The apostle John named and identified Diotrephes (3 Jn. 9,10). “Yes, Larry, but John was an inspired man. He knew Diotrephes’ character (“loveth to have the preeminence”), but you don’t possess John’s insight.” Where is the proof that John revealed Diotrephes’ character by divine insight? If so, the error is not in the “name calling,” but in the fact that one is not inspired when he does so. (Remember, though, Paul’s acceptance of the “names” that uninspired men “called”Titus 1:12, 13).
John said, “He that saith, I know him, and keepeth not his commandments, is a liar” (1 Jn. 2:4). Imagine that! John used the word “liar.” Did he sin? “No, Larry, John did not sin; he wrote as the Spirit directed, but you cannot do that.” (1) Is it possible for an uninspired man to know if a man claims that he knows God? Yes, I can know when one claims that he knows God. (2) Is it possible for an uninspired man to know whether or not one keeps God’s commandments? Yes, I can know whether or not one keeps “his commandments.” Since I, an uninspired man, can know that one claims to know God, and since I can know whether or not he is keeping God’s commandments, I can know whether or not one is a “liar.”
In debate with Pentecostal preachers, I have had three of them claim that they were apostles. Raymond Cochran claimed that he was an apostle as Paul and Peter were. He said he did not know who the other eleven were. I told Mr. Cochran that I believed he was indeed an apostle, and that he was mentioned in the Bible “For such are false apostles, deceitful workers, transforming themselves into the apostles of Christ” (2 Cor. 11:13-15). Did I do wrong? Am I sinning by naming the man and his claim in this article? If not, then why charge that “the Church of Christ is wrong because they call names”? The church at Ephesus was commended thusly, “Thou hast tried them which say they are apostles, and are not, and hast found them liars” (Rev. 2:2).
The Pope of Rome claims to be an apostle. Mormons say they have twelve apostles. Mr. Cochran said he was an apostle. May we try or test such men and their claims? If they fail the test of Scripture, is it proper to say that we have “found them liars”? I asked Mr. Cochran if he could do “the signs of an apostle” (2 Cor. 12:12). He could not! The Pope, the Mormon apostles and Mr. Cochran are “liars.” If that is “name calling,” then I plead guilty.
Here is what puzzles me. Gospel preachers are attacked and condemned “for calling names.” What do our critics say about Mr. Cochran or the Pope? Do they protest against their claims? Do they teach against the Pope’s usurpation of the apostleship? Why is it that gospel preachers are the “bad guys” when they teach and tell the truth, but the Pope and Mr. Cochran are to receive our sympathy and love? “What is wrong with this picture?” The truth is that there are those who love darkness rather than light. That is why they criticize gospel preachers for doing their duty and apologize to false teachers who are doing the devil’s work. While none of us desires to be unnecessarily abusive and offensive, there are others who are unwittingly deluded by these false teachers who have adopted their maxims.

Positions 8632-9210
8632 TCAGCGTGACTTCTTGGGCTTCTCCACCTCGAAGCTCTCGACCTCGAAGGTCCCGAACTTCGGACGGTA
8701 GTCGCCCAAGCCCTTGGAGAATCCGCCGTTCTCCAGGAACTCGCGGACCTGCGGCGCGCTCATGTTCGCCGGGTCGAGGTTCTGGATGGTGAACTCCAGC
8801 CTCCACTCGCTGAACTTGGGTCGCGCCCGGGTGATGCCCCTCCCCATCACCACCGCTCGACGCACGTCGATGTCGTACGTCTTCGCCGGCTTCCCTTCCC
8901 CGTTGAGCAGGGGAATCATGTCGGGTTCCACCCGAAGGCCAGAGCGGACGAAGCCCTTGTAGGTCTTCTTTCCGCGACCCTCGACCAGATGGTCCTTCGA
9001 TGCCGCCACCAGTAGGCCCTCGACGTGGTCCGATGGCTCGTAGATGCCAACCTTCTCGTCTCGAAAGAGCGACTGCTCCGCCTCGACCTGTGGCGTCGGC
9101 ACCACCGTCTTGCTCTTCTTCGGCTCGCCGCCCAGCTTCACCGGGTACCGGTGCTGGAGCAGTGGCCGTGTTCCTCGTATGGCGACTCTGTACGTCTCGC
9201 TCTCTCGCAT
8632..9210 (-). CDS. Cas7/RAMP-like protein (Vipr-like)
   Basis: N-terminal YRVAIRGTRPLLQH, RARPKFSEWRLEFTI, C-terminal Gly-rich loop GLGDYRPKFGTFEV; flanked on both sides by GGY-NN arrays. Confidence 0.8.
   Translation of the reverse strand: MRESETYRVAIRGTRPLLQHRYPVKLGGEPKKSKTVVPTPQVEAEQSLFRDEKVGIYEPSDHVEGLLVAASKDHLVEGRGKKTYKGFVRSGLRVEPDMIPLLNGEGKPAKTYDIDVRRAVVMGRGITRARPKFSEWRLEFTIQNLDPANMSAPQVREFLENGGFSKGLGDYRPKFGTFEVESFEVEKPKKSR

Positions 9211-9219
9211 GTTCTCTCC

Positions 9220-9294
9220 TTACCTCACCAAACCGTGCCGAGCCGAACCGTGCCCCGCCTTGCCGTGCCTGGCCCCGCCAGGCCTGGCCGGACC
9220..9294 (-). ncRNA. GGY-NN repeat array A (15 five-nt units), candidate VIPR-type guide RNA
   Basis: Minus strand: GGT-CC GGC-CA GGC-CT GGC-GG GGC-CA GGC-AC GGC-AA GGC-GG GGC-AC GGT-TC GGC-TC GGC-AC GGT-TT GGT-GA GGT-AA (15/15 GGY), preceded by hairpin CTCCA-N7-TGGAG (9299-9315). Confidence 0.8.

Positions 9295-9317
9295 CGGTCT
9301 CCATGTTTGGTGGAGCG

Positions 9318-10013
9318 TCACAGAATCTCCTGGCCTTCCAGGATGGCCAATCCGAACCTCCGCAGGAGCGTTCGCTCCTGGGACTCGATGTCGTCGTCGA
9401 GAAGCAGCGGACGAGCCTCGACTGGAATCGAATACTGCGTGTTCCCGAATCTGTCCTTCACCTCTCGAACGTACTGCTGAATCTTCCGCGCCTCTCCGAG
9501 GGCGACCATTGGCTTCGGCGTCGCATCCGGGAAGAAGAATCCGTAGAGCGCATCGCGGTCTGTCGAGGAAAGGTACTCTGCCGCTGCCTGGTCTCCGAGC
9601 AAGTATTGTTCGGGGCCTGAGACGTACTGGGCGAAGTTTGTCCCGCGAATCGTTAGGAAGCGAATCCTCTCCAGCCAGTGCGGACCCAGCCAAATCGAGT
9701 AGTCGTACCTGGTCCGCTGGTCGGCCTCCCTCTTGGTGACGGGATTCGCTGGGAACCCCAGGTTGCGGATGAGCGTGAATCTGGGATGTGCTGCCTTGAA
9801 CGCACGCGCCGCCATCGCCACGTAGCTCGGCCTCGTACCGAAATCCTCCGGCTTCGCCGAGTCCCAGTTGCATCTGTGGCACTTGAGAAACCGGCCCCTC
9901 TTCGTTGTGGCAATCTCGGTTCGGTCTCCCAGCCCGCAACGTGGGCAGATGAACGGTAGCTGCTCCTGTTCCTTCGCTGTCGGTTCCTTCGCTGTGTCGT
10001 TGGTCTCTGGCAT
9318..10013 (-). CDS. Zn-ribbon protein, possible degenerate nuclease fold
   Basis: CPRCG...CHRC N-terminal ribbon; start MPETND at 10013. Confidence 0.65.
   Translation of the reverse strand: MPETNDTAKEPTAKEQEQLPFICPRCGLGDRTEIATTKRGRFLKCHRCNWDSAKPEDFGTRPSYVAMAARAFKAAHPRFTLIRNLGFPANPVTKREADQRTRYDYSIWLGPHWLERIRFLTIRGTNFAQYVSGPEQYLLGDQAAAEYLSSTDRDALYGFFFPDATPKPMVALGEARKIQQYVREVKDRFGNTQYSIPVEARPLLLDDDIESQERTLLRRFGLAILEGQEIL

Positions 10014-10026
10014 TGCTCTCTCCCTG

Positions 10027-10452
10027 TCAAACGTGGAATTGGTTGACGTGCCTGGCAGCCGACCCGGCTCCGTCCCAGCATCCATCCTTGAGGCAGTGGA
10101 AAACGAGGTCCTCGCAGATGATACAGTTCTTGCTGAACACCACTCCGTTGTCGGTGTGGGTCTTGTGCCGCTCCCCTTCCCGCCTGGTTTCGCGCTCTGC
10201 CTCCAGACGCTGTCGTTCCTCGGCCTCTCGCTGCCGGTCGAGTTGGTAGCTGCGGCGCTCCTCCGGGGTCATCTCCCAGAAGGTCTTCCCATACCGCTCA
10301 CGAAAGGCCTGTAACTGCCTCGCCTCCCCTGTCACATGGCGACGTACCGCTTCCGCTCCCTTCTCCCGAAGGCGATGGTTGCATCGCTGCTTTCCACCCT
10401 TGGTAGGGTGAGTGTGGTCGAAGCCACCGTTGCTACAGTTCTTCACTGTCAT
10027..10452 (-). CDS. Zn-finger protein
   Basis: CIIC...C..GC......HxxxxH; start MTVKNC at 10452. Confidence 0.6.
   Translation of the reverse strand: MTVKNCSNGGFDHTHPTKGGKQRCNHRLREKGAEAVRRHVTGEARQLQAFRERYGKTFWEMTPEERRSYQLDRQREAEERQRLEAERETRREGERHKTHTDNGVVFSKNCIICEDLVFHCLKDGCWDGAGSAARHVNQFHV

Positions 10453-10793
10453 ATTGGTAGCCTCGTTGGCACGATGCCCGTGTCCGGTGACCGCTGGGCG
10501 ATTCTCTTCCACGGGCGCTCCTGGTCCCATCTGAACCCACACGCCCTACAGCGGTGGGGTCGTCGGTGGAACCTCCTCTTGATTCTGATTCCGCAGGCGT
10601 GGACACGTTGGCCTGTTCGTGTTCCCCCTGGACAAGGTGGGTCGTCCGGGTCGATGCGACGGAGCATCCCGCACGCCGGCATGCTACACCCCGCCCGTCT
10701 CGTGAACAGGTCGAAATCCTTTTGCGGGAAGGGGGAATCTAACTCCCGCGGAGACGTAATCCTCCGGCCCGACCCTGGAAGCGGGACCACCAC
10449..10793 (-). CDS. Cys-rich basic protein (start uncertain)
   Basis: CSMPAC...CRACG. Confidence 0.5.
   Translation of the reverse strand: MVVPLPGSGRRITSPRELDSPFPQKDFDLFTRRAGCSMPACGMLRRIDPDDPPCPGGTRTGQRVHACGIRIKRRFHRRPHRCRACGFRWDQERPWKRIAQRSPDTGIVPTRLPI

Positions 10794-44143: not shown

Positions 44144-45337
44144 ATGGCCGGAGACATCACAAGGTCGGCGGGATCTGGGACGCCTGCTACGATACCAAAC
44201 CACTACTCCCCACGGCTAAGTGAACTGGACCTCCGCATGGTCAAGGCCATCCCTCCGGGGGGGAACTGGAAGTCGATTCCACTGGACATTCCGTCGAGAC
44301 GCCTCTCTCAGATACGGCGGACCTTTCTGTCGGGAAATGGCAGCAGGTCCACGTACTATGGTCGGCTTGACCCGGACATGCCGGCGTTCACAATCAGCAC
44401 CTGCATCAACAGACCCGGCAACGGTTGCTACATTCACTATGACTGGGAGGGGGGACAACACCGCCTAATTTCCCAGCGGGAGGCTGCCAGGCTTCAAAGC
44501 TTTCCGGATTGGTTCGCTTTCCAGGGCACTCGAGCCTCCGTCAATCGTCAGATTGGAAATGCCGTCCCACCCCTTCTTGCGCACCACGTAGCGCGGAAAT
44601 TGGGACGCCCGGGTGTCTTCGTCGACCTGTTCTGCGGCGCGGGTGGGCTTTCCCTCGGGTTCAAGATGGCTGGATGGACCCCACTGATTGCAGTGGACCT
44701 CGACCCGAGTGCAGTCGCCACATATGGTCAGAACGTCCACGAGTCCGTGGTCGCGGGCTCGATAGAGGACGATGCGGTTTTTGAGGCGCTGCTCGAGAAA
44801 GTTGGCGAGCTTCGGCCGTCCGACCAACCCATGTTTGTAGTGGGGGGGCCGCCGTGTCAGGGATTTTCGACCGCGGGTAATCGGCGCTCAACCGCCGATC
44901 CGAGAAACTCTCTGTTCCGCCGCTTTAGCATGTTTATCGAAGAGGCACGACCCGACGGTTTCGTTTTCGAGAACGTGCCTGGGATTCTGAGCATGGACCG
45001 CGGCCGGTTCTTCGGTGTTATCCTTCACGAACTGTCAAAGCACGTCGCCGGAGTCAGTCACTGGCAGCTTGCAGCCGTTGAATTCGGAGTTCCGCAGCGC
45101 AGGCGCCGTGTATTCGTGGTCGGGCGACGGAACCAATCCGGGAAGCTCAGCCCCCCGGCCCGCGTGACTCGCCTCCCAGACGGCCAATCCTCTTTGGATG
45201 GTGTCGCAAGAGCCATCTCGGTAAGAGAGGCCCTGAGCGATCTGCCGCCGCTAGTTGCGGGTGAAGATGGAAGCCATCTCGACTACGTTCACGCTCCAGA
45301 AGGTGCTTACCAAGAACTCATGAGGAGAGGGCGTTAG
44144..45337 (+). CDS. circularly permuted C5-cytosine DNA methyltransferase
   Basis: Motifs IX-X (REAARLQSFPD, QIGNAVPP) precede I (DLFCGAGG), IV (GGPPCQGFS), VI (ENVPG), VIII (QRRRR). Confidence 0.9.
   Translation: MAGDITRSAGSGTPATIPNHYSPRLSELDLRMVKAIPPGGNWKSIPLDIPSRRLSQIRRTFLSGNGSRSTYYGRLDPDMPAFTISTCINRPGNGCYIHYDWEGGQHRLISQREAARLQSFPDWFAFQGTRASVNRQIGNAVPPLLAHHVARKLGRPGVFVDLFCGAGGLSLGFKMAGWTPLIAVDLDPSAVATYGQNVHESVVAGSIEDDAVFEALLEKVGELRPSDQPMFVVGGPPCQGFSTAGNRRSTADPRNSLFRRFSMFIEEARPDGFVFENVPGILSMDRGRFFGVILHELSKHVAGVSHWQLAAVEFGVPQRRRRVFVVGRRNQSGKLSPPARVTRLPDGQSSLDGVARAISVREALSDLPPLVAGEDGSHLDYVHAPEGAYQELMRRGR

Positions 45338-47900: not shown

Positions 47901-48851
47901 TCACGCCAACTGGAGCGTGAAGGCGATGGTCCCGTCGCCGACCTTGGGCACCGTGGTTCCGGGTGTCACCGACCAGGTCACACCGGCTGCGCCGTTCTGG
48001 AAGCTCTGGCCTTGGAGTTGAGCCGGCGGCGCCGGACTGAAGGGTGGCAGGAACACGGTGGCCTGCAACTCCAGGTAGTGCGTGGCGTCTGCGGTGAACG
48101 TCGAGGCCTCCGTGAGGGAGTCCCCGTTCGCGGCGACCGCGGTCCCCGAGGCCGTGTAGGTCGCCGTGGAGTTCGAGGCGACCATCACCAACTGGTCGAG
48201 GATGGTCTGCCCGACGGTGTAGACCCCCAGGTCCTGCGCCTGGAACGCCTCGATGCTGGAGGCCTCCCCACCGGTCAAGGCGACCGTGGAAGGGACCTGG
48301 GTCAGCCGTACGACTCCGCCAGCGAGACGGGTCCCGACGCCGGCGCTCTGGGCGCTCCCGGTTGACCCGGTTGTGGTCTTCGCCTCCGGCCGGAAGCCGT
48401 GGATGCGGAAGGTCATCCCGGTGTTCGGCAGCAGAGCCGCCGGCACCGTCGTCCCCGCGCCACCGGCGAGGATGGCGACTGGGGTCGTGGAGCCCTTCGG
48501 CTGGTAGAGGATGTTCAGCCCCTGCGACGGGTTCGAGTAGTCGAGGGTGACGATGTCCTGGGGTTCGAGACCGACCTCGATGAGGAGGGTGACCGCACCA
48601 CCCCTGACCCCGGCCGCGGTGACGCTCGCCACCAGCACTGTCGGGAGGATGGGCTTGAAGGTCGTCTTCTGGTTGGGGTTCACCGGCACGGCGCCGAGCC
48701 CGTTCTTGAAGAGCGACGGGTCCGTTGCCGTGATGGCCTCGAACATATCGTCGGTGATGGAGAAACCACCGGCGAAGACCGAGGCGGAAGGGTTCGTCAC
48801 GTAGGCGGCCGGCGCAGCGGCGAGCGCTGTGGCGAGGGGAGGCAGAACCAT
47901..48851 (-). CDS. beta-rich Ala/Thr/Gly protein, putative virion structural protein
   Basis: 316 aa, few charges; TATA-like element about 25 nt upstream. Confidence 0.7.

Elijah’s Sarcastic Mocking
The prophets of Baal were to have their god answer them. They “called on the name of Baal from morning until noon, saying, 0 Baal, hear us. But there was no voice, nor any that answered. And they leaped upon the altar which was made. And it came to pass that Elijah mocked them, and said, Cry aloud: for he is a god; either he is talking, or he is pursuing, or he is in a journey, or peradventure he sleepeth, and must be awakened” (1 Kgs. 18:26, 27).
Did Elijah sin? We know that the wicked king Ahab said that Elijah was the one “that troubleth Israel” (1 Kgs. 18:17). In our day, those who challenge the modern prophets of Baal are regarded as those “that troubleth Israel.” It was not so then, and it is not so today! The Ahabs of our day want to throw up a smokescreen to hide their altars that burn with the fires of error and iniquity. They will seek to intimidate by saying that we are hateful, mean spirited “name callers.” Listen, and you will hear the “names” that they call all of us who “call names.” Those who are opposed to “name calling” do it with a vengeance against those they judge to be guilty of it. They call our names, and the call us names for calling the names of false teachers and false doctrines. That is more than a bit ironic!
Whats Wrong with the Church of Christ?
“Preachers Calling Names”
- Name One! (When you do, are you a “Name-Caller”??
- Notorious N. T. Name Callers
- Jesus: Mt. 23; 21:31; 6:32 (Gentiles = Baptists) Mk. 7:6-13, Lk. 13:32 (“Fox”) Rev 2:6, 15, 20
- Paul: 1 Tim. 1:19, 20; 2 Tim. 2:16-18; 2 Tim. 4:10, 14; Titus 1:9-13; Acts 19:24; 17:23
- John: 1 Jn. 2:4; 3 Jn. 9
Guardian of Truth XXXVIII: 6, p. 10-13
March 17, 1994